Color Printing?

Discussion in 'Color: Film, Paper, and Chemistry' started by ToddB, Oct 7, 2013.

  1. ToddB

    ToddB Member

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    Hey guys,

    I don't know if this is a concern you guys. I thinking.. Most of of us do our own Black and White print at home with enlrgers with tack sharp results do to superior enlarer lenses. Is there a place that still does color print using enlargers with superior lenses? "Old School".. The reason I'm concerned is, most of the commercial printing is done with digital printer that scan the images. Is there some loss in scanning of film when it's printed?

    Todd
     
  2. L Gebhardt

    L Gebhardt Subscriber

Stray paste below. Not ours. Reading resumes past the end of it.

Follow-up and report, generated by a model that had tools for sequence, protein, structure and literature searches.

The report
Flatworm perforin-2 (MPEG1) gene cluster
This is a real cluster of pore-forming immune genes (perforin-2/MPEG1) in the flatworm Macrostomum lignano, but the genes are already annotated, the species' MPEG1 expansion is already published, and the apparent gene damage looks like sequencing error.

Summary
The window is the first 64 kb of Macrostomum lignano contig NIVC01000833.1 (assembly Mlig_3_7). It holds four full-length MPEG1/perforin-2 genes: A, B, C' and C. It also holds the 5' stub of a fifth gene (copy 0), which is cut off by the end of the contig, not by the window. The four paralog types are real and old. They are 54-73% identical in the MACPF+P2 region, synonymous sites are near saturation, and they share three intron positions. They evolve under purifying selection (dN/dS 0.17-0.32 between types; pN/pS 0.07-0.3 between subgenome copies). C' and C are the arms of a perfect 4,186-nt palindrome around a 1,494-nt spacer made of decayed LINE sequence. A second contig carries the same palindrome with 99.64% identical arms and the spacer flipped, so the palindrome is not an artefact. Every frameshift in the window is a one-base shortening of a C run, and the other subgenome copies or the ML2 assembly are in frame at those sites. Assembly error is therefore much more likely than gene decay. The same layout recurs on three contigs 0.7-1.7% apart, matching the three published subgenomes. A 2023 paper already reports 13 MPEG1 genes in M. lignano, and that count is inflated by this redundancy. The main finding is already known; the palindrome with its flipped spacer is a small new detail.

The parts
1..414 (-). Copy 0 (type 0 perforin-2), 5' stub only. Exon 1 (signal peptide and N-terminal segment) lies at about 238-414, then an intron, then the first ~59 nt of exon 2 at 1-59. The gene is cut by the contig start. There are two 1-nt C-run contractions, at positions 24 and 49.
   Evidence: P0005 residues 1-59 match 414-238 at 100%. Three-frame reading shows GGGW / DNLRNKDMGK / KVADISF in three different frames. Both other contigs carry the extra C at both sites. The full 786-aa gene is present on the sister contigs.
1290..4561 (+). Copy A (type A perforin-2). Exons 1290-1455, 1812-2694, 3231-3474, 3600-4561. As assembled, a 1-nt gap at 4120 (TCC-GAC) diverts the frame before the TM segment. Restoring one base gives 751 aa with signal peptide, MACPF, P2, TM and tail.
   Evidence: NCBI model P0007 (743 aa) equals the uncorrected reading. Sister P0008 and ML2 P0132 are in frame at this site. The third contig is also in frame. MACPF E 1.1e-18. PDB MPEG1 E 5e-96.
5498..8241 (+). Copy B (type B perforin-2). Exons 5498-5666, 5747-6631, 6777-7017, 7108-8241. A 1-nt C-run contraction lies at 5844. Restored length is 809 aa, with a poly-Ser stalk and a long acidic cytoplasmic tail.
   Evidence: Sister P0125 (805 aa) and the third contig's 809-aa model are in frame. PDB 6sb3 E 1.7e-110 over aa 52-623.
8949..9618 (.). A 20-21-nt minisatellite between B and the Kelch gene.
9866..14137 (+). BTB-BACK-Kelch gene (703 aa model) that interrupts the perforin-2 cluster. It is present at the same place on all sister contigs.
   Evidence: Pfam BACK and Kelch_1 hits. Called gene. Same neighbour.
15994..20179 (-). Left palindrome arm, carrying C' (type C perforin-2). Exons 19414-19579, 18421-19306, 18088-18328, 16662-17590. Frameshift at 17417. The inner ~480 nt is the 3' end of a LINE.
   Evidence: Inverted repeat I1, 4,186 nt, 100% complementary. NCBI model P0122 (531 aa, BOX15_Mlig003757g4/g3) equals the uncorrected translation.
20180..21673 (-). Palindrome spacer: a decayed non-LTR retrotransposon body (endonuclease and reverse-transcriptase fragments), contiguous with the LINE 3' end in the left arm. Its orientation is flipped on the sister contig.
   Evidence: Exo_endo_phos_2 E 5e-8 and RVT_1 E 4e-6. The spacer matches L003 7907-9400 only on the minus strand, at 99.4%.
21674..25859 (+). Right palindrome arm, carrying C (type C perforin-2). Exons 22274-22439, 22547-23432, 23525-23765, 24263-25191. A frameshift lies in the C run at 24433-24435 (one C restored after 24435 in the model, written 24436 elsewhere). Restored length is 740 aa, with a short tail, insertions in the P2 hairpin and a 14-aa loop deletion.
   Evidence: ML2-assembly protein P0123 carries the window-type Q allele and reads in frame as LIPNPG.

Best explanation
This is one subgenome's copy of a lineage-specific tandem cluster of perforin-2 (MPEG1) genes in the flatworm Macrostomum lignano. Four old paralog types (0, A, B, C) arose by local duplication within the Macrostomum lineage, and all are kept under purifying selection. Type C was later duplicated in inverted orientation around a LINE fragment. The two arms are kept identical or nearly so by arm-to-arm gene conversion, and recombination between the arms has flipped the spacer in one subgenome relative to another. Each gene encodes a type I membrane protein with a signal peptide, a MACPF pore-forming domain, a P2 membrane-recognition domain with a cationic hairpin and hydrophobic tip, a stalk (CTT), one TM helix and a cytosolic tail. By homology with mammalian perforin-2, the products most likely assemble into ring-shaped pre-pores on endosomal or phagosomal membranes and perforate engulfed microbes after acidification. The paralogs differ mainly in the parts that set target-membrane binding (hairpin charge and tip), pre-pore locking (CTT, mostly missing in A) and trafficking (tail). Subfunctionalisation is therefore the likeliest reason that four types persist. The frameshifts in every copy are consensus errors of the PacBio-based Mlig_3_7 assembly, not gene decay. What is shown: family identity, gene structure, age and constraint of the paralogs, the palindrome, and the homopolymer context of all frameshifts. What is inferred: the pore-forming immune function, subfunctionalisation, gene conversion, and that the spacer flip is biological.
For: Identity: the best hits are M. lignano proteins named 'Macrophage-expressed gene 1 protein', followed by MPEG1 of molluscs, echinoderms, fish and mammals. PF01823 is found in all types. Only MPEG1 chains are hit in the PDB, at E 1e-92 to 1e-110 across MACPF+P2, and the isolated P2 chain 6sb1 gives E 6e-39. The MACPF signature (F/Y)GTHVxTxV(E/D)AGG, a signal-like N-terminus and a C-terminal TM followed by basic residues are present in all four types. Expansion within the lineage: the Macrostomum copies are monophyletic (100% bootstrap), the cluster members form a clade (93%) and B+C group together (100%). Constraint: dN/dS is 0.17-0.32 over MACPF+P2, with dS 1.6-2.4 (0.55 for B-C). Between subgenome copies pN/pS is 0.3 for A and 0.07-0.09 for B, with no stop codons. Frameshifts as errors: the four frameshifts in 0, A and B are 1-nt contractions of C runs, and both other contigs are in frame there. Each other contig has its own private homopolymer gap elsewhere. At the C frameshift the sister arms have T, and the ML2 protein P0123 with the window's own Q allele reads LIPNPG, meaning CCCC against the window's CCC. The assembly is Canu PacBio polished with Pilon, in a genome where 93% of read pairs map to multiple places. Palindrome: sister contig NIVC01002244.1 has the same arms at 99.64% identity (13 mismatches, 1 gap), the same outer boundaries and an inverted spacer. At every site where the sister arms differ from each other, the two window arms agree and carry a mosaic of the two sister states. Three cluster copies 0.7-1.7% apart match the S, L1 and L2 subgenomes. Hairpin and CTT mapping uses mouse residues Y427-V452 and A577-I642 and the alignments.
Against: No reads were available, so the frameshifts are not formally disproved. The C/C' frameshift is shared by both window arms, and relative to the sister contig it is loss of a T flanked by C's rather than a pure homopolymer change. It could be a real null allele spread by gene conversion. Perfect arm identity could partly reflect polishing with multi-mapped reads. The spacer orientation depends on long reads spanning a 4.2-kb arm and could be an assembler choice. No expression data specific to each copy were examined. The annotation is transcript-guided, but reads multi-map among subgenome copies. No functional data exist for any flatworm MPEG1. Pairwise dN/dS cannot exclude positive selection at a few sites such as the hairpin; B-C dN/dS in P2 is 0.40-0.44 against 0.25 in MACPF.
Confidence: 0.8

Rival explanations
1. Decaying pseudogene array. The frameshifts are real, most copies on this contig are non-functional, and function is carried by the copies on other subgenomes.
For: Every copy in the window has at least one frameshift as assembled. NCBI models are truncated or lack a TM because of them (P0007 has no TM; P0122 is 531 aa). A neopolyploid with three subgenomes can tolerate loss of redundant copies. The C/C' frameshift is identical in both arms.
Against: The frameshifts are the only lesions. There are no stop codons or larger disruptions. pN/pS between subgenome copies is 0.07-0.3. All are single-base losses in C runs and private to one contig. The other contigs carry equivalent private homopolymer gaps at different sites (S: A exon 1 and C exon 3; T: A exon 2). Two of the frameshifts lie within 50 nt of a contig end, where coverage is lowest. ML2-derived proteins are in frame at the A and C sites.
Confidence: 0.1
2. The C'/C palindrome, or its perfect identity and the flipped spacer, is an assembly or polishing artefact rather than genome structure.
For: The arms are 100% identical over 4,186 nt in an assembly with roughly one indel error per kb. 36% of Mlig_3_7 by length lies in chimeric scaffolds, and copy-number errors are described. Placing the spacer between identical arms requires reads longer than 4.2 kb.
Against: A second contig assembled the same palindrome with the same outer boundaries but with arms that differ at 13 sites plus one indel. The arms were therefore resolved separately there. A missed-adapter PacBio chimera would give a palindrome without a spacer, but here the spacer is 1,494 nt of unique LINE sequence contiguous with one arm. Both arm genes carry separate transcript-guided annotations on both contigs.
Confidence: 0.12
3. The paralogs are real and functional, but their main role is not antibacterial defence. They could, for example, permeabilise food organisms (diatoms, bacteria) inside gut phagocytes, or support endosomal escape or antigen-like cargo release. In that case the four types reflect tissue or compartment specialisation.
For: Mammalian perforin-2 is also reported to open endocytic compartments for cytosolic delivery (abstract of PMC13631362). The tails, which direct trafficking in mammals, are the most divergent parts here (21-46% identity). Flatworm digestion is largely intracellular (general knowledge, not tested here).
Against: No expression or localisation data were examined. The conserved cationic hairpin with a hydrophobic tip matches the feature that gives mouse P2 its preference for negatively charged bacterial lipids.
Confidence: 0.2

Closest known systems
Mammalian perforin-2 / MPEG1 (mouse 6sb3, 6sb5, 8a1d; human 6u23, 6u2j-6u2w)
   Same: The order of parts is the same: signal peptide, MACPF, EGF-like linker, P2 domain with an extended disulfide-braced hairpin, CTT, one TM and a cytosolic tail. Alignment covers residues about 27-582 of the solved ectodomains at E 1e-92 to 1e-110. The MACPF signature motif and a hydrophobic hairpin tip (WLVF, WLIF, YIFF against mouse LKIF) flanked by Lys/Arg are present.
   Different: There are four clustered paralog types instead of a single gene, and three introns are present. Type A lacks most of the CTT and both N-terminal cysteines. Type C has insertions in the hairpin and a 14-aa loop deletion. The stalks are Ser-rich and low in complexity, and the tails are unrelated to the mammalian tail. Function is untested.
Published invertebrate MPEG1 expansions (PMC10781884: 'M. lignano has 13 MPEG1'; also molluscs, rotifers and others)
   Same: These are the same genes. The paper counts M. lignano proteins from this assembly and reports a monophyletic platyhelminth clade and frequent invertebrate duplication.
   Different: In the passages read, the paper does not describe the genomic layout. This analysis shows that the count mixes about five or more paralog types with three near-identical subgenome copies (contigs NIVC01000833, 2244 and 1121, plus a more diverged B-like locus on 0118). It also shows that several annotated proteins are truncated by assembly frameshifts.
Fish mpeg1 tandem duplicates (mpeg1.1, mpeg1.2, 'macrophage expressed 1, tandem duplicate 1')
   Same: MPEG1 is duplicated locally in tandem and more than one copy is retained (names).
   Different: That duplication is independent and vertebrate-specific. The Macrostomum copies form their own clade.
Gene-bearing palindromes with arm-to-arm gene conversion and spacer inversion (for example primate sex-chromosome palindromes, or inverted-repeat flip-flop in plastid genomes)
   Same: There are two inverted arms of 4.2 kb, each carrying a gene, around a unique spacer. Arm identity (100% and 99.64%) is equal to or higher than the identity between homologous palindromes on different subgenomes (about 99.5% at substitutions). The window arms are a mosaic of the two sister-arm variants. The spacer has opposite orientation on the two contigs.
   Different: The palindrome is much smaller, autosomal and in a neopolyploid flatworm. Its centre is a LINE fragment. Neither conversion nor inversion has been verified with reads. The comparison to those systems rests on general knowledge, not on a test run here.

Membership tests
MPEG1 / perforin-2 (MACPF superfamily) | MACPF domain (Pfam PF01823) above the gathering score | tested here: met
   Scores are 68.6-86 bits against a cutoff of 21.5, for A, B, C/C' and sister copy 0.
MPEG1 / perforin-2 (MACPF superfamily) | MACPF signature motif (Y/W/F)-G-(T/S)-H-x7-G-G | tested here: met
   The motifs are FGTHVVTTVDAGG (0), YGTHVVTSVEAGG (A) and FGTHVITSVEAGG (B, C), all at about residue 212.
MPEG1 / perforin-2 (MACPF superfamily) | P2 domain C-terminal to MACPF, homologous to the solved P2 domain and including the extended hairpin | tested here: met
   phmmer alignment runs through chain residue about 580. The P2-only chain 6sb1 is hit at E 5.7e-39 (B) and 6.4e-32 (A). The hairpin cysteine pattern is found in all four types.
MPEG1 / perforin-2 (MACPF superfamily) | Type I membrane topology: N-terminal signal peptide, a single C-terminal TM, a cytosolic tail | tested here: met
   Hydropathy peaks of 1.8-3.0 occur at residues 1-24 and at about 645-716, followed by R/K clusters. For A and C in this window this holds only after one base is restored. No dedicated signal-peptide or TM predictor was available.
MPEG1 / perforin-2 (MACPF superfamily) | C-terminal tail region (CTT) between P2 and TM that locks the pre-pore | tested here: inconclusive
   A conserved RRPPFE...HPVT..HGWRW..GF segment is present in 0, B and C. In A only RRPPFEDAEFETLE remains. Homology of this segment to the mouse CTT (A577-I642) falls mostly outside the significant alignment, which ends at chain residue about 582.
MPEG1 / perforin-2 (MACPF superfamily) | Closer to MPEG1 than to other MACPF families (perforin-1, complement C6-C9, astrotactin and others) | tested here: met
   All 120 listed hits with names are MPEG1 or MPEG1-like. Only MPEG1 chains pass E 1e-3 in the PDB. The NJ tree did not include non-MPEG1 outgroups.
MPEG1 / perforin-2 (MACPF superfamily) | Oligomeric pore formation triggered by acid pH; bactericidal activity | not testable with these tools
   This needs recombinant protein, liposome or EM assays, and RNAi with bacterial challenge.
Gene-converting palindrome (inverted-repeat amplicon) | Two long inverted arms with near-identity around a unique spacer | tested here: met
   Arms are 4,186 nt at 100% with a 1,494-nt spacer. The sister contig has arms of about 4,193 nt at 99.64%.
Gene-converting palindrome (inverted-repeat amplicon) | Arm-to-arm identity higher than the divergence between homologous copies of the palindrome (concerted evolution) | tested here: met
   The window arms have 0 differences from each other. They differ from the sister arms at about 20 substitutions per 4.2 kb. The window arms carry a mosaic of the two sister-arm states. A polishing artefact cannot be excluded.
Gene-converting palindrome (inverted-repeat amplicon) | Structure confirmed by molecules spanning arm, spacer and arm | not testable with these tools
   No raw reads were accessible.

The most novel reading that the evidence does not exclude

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    You get better results optically printing by hand most negatives vs scanning and printing on a minilab machine. If you go the expensive route and drum scan and then print I think the results are about equal. Digital gains the edge for complex image corrections. I think the results from most optical and digital minilabs are usually poor quality, so the real issue is the care put into making the image.

    I print my own color work both optically and with a drum scanner output to inkjet or chromira. It takes much more time to do a good scan, make the corrections, and print than it does to print optically once the processor is setup (not an insignificant amount of time and expense).

    And yes, there is some information lost with scanning film, no matter how good the scanner is. There is also some loss with printing through an enlarging lens, no matter how good the lens is.
     
  3. DREW WILEY

    DREW WILEY Member